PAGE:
Seth Browarnik Captures the "Art of Night"
page 2 of 2
Browarnik shooting Diddy at LIV at the Fontainebleau Miami Beach during this year’s Winter Music Conference.
As a longtime chronicler of all things nightlife, 32-year-old photographer Seth Browarnik tends to think fast and on his feet, but at his offices at Red Eye Productions one afternoon, he is taking the long view while contemplating his retrospective, "Art of Night." The exhibition, on through December 4 at the Shelborne South Beach resort, features some 45 photographs culled from the thousands of photos Browarnik has taken over the last 10 years, in London, Rio, Paris, and, of course, Miami, particularly during the whirl of Art Basel Miami Beach. Many of the subjects in the show—who span Yoko Ono to Michael Jackson—also frequently appeared on pages here in Ocean Drive, where Browarnik has worked as a contributor since 1999. “I’m known for my work documenting young Hollywood on South Beach, people like Paris Hilton, but I like to profile all aspects of a city. We’re using huge prints—sometimes six feet tall—and they’re all over the lobby and downstairs at the Shelborne. My curator, Rachel K. Ward, did a great job distilling the images in the show from around 290 photographs.”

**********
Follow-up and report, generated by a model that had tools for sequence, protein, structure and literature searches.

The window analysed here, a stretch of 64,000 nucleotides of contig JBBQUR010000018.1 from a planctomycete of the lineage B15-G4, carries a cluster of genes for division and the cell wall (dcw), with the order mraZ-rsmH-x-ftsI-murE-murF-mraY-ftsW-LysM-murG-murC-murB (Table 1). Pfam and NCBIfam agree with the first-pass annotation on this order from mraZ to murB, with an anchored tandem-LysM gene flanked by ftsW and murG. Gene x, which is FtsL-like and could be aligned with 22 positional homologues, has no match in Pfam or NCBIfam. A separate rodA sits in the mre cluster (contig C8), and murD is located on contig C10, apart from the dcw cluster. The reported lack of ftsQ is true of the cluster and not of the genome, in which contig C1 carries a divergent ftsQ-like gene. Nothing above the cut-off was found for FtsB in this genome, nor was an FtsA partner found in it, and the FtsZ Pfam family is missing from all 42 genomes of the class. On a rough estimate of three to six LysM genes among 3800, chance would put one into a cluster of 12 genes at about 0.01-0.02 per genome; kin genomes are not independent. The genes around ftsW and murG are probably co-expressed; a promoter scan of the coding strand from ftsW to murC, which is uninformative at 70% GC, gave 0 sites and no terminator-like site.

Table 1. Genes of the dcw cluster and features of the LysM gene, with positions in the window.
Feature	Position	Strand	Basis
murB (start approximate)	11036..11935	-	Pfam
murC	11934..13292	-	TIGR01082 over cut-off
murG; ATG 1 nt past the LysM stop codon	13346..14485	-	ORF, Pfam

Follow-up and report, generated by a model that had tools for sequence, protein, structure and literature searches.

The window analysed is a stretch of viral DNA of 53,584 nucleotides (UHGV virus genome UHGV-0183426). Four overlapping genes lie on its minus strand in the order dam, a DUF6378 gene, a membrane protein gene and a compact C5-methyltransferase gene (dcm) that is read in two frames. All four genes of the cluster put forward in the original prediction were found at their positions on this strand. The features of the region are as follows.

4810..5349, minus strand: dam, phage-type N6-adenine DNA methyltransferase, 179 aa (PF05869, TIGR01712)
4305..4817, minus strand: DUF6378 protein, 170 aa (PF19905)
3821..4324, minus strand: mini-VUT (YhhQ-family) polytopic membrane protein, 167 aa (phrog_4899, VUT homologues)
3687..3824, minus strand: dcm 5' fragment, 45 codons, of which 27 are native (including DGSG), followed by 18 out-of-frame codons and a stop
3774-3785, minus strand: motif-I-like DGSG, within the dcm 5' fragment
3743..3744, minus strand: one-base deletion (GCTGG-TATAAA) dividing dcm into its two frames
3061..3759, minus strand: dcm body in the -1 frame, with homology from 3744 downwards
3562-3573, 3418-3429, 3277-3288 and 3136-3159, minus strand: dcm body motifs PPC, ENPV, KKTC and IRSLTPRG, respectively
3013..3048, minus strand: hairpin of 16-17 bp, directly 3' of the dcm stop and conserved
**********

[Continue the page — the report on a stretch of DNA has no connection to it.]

Browarnik has had some fun along the way, such as traveling down to Rio with Lenny Kravitz and Macy Gray for a Live Earth concert, hitting samba clubs at five in the morning. In a sense, each photo in the show represents a different social adventure.
The Art Basel shots, in particular, span the sociocultural gamut. In 2002, he shot Karl Lagerfeld at Mynt Lounge: “He was surrounded by bodyguards, because he thought he might be killed like Gianni Versace.” In 2003, Art Loves Ali celebrated the launch of Taschen’s book GOAT—A Tribute to Muhammad Ali. The Greatest of All Time appeared onstage at the Miami Beach Convention Center, and Browarnik captured Ali in his trademark pose, fists up in a reflexive fighting posture.
In 2005, he shot a launch party at The Setai for a David LaChapelle book, Artists and Prostitutes. Browarnik captured a nude Amanda Lepore perched inside a Lucite house suspended above a pool: “That was sick—this strange, calm moment with Amanda, reading David’s book in this floating house, right in the middle of this major crazy party, with everyone jumping in the pool.”